Social media addiction - NL-044
Can't resist scrolling through social media even when you are in a meeting? Just a sound of a new notification arriving in your inbox is enough to distract you? Is being on social media leaving too little time for yourself and your family? Chances are that your uncontrollable urge to check your social media messages even at the cost of interpersonal and professional disruption could be a sign of social media addiction.
Experts believe that addiction with social media works like any other addiction, where the brain associates any activity with reward mechanism. For example, things like getting likes or positive feedback on your posts, pictures and videos send a rush of dopamine through the brain. This instant attention feels like reward or positive reinforcement to your brain, making it seek more and more pleasure through similar activities. Since this dopamine rush is temporary, you are likely to repeat this behaviour to get more pleasure once the initial euphoria wears off. Compulsive users feel a constant pressure to fit in and to get constant likes on their posts. In addition, they also experience the fear of missing out (FOMO), which triggers them to engage more on social media.
Signs of social media addiction
If using social media is creating problems in your personal life, interfering with your professional responsibilities and isolating you from loved ones, there could be a serious problem that needs to be addressed. Here are some top signs that you are addicted to social media:
- Spending a lot of time thinking about using social media
- Spending a lot of time using social media
- Checking social media first thing in the morning
- Checking social media when driving
- Uncontrollable desire to access your social media profile at any cost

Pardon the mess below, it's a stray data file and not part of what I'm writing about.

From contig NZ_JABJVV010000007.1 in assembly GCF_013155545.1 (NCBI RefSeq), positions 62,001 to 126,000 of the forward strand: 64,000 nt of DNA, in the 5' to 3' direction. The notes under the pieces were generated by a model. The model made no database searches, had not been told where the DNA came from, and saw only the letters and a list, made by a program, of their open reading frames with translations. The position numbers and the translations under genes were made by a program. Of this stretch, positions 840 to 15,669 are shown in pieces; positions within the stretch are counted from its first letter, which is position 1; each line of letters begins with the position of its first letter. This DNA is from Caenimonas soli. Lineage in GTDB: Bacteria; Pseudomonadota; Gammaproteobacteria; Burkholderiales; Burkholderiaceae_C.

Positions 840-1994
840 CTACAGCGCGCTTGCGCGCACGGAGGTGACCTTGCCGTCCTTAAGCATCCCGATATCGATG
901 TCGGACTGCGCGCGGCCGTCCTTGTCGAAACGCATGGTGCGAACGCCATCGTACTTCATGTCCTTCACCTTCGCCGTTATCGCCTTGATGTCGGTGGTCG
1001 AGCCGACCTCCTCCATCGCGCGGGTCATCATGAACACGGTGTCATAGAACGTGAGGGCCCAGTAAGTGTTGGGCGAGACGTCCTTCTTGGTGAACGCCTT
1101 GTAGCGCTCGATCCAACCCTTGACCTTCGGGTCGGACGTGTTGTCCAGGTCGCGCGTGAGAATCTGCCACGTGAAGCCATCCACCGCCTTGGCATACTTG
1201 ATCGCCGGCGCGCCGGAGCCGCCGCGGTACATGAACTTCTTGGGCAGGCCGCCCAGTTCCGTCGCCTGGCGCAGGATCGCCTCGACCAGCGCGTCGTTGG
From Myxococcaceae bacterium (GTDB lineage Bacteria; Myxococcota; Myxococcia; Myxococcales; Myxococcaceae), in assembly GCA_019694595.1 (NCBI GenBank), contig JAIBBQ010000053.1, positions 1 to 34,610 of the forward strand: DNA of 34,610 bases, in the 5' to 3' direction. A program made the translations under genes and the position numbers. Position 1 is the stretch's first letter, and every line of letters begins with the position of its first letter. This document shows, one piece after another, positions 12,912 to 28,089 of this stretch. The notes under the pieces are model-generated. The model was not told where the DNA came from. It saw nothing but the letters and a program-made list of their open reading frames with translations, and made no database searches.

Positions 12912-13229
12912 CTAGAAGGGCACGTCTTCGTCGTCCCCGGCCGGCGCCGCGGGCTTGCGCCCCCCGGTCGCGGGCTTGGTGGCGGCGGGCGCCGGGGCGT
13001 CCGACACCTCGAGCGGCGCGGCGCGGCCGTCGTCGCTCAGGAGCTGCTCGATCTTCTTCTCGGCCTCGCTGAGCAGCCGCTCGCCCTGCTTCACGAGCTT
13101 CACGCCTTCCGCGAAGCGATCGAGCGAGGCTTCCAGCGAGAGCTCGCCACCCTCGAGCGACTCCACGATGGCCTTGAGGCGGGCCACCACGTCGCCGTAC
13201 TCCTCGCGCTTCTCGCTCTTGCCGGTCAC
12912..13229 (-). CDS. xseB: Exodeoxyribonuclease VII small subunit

- Feeling stressed, angry and agitated when you can't use social media
- Ignoring real-time, non-virtual interactions with friends and family
- Relying heavily on social media as an escape route to deal with your problems, stress, loneliness and other negative emotions.
Consequences of social media addiction
Extreme urges to check and re-check social media affects mental and emotional health and is linked to anxiety, depression, loneliness, poor mood and insomnia. Excessive use may also increase the risk of social anxiety disorder and promote the feelings that you aren’t good enough. It also impacts physical health as a person spends less time on physical activities and gets less sleep. Teenagers can be at risk of cyber bullying where oversharing of personal information and rumour mongering can cause severe emotional damage, sometimes irreversible.
How can you reduce social media use?
Social media is a great platform to stay connected, to express yourself and find like-minded groups to seek help and comfort. But it can be highly addictive and harming to some people. What can you do to decrease its use?
- Turn off notifications
- Track your screen time and be mindful about it
- Set a time-frame to use social media and stick to it
- Set aside a “screen-free” time (daily or weekly)
- Avoid checking your phone before bedtime
- Never text while driving
- Avoid using phone during social meets
- Spend time on your “screen-free” hobbies
- Take digital breaks every now and then
- Spend time with friends and family
- Engage in in-person social activities